Twenty-years ago, musician and composer Stewart Copeland dipped his creative toe into the world of videogame scoring with his compositions for the Spyro the Dragon franchise. It was the perfect marriage of melody to visuals with three hit installments utilizing his music. But they also were the only games Copeland scored in the video game industry, as The Police drummer/co-founder then went on to score films and create orchestral concertos.
But Activision and Toys for Bob were able to lure Copeland back for the upcoming anniversary repackaging of the Spyro games series, the Spyro Reignited Trilogy, which will be released on Nov. 13, 2018.
SYFY WIRE talked to Copeland about his pixilated stroll down Spyro memory lane and what they ended up doing with his original score in this new trilogy.
How did you find out they were revisiting the Spyro series?
Stewart Copeland: Well, I heard that they intended to do it. And then I got a call asking me to send them all the music tracks, which I still had because Spyro resonates very deeply with me personally, because I watched it with my kids as they were growing up. So the game actually has a lot of emotion for me, too, not just my own music but the game itself. I sent all the music. Then, some more months went by, and I got a call saying, "Well, why don't you come down and hear how we've reimagined the music."
Well, I made a less optimistic noise than that. I said, “What do you mean reimagined?” And they said, "Well come down, check it out." And I said, "Just send me this reimagined music." They said, "No, no, no you gotta come down here and check it out."
I went down there, and I was blown away. I was almost sobbing. I managed to contain myself, but like I said, I was very emotionally invested in the memories of my kids playing it and they're all 20 years older. They've got kids of their own now. And my 14-year-old back then is now 20, and he works at Insomniac developing games.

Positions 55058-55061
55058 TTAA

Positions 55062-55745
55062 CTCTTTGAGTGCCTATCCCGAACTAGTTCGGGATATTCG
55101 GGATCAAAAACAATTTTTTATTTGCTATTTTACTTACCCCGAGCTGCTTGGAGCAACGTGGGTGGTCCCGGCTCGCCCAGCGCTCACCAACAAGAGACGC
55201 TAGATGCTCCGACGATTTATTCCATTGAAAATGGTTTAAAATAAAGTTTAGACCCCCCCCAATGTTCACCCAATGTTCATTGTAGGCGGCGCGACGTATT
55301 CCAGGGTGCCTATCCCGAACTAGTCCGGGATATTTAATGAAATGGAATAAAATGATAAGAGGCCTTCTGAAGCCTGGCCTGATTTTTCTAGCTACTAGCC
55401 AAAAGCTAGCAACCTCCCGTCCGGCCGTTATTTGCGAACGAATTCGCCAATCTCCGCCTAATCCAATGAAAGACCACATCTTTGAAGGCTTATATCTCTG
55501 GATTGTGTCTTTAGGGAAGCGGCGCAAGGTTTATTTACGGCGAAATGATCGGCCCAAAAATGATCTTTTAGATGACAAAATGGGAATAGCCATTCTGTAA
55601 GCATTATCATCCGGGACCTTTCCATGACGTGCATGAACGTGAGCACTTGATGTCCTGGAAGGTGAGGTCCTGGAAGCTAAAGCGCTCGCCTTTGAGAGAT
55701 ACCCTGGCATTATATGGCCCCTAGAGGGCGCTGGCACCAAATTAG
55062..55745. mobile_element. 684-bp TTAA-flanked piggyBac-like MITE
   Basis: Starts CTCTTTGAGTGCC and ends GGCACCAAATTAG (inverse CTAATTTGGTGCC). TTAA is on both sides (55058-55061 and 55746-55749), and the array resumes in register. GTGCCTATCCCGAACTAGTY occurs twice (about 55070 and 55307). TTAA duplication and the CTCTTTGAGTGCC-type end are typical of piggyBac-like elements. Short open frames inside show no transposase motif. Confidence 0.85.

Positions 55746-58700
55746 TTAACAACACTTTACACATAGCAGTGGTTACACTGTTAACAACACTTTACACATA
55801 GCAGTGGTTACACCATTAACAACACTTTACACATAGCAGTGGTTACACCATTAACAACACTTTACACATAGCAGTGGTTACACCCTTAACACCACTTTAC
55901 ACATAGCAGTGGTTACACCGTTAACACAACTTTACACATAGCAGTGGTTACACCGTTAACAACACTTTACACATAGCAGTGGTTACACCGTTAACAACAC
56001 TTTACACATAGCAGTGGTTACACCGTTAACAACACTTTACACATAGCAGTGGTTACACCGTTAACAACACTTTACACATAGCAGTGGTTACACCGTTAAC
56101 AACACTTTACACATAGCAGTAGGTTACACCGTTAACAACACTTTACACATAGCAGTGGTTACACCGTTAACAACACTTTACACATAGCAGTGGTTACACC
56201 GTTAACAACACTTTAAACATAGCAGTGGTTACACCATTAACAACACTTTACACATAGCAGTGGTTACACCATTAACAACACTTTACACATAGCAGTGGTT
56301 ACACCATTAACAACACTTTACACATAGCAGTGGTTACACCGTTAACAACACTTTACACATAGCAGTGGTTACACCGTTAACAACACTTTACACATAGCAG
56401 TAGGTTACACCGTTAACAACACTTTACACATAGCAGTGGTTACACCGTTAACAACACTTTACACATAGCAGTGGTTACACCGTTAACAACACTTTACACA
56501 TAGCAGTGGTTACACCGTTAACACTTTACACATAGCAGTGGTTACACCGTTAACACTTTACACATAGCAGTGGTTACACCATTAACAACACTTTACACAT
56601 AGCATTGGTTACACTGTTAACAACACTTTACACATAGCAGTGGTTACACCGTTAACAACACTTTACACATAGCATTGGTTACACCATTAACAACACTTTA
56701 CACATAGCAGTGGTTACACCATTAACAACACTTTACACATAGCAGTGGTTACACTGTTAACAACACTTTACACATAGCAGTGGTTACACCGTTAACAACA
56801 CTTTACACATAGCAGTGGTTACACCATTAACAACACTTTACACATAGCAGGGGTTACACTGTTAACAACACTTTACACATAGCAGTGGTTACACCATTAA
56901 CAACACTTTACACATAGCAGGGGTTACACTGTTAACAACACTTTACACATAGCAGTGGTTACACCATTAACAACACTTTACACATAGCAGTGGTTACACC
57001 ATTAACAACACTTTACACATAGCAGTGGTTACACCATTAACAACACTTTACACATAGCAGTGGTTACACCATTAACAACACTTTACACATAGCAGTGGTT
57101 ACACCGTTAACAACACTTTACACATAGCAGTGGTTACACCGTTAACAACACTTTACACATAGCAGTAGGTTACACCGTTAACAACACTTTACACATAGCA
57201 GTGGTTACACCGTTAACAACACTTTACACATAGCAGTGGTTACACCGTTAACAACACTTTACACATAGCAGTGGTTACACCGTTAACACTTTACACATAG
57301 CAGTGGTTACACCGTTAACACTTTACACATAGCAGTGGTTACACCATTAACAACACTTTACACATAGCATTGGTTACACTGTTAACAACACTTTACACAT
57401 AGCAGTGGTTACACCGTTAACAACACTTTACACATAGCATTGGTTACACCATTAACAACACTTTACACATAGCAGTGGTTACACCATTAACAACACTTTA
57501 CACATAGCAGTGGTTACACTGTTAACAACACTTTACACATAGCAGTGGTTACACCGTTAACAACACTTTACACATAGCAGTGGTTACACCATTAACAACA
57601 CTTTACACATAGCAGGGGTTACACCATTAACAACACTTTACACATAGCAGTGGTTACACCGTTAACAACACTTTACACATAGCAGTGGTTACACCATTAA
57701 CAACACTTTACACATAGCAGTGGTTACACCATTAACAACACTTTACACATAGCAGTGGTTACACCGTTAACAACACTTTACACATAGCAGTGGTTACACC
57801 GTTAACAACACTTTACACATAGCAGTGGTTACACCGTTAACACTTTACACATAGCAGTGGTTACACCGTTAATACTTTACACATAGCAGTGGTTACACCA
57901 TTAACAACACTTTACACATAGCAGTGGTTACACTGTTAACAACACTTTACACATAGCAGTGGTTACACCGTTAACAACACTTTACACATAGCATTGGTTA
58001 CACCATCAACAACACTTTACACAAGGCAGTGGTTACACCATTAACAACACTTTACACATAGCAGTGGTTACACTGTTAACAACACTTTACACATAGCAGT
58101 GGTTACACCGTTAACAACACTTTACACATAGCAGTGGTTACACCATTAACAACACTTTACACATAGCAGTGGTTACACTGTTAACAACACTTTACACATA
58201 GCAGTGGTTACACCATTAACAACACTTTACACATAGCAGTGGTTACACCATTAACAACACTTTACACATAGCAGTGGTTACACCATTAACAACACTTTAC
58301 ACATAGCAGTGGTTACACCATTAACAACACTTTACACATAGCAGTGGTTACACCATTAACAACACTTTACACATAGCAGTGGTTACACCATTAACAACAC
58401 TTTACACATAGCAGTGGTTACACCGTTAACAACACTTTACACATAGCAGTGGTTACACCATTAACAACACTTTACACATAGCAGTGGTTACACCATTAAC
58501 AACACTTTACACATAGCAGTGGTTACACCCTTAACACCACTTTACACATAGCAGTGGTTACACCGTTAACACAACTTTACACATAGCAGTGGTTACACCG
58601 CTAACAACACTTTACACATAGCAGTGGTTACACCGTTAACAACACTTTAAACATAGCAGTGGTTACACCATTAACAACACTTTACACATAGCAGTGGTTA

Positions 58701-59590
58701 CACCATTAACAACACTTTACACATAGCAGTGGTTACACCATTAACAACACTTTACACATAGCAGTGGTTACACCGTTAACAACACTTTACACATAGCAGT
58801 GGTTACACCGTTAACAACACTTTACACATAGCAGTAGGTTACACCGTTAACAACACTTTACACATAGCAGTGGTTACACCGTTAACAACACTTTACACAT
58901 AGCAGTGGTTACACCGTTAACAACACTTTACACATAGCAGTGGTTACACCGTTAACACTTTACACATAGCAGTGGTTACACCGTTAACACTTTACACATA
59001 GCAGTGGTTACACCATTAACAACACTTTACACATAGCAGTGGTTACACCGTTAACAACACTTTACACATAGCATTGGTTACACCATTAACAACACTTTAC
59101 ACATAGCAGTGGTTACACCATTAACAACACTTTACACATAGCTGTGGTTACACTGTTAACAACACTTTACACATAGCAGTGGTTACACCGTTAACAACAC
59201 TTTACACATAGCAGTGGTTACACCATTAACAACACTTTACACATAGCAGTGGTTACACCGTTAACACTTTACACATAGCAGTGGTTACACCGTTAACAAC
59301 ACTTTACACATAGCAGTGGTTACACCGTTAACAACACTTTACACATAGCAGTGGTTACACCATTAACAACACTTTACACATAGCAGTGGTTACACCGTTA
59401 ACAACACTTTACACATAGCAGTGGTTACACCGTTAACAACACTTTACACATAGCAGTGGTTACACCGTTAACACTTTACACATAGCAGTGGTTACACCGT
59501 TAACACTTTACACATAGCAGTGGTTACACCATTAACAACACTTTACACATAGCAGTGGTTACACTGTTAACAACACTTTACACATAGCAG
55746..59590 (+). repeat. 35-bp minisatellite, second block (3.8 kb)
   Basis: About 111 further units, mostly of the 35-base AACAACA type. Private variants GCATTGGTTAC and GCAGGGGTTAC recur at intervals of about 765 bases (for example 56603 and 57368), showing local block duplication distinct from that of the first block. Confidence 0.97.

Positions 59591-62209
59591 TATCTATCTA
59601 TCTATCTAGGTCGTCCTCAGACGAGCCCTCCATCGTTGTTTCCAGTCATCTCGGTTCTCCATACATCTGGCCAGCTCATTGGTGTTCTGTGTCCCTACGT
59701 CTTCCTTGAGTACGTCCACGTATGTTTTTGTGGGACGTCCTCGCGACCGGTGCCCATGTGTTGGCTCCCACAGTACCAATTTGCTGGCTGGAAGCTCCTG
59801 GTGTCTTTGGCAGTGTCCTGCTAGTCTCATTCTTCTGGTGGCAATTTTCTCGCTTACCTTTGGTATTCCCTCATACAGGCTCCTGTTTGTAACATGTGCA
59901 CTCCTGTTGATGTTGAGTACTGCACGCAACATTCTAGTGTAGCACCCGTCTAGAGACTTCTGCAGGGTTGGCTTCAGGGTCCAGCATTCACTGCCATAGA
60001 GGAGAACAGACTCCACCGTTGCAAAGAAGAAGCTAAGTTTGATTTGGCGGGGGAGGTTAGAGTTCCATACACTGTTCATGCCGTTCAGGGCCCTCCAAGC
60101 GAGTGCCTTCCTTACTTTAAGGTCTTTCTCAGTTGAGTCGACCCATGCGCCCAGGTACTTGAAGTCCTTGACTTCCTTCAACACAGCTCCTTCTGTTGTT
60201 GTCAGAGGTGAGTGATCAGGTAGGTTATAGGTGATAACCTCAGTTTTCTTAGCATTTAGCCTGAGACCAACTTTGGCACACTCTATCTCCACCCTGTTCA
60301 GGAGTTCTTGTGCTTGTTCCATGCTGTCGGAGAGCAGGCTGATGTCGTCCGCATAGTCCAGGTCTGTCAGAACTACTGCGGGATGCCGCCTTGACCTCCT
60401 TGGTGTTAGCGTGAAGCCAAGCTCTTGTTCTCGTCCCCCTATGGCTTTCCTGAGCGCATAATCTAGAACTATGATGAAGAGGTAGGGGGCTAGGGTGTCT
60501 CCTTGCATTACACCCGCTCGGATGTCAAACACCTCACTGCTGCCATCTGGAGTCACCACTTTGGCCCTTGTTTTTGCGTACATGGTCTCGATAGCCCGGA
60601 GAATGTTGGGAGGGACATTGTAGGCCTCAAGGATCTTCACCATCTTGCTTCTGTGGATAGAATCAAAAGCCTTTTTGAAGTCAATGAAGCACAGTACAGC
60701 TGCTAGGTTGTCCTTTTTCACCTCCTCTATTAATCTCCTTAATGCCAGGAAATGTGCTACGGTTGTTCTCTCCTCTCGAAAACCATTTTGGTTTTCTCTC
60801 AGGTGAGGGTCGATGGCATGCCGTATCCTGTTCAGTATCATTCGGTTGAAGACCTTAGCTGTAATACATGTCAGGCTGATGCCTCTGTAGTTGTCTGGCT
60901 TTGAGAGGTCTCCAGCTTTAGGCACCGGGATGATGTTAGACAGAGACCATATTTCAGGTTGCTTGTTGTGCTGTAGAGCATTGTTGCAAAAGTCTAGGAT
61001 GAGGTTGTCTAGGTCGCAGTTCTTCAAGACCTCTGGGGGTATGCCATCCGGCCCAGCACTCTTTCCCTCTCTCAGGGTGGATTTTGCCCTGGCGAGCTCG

But visually, it's the same game. It's the same console. It's the same bridge. It's the same jump that you have to do to get across to the other castle. It's the same everything, but just somebody got me a new pair of glasses. It’s not just a green field. It's a green field with all kinds of bugs crawling around it. All kinds of resolution. I mean it's just really high resolution and full of power and luster and color and everything. And the music's so fitting.
Did they just remix the music?
Well, over there at Toys for Bob they had to listen to all that music and recreate every bassline, every melody. And not just the melody, but the sound that the melody was played on. He had to go find all these old samples, and in some cases, newer, richer versions of the sample. I was working in 8-bit technology. And I don't know what the bits are up to now, but it's a lot higher resolution. So, he had to listen to it all and rebuild it all. It is the same composition. But there's something that we talked about back in the day, which was that the music would interact with the gameplay. When Spyro goes into a dark place, the music gets darker. When he comes out into a sunny field, the music gets lighter, so the music actually interacts with the gameplay. That was our plan. But they ran out of memory and bandwidth in the old version of the game.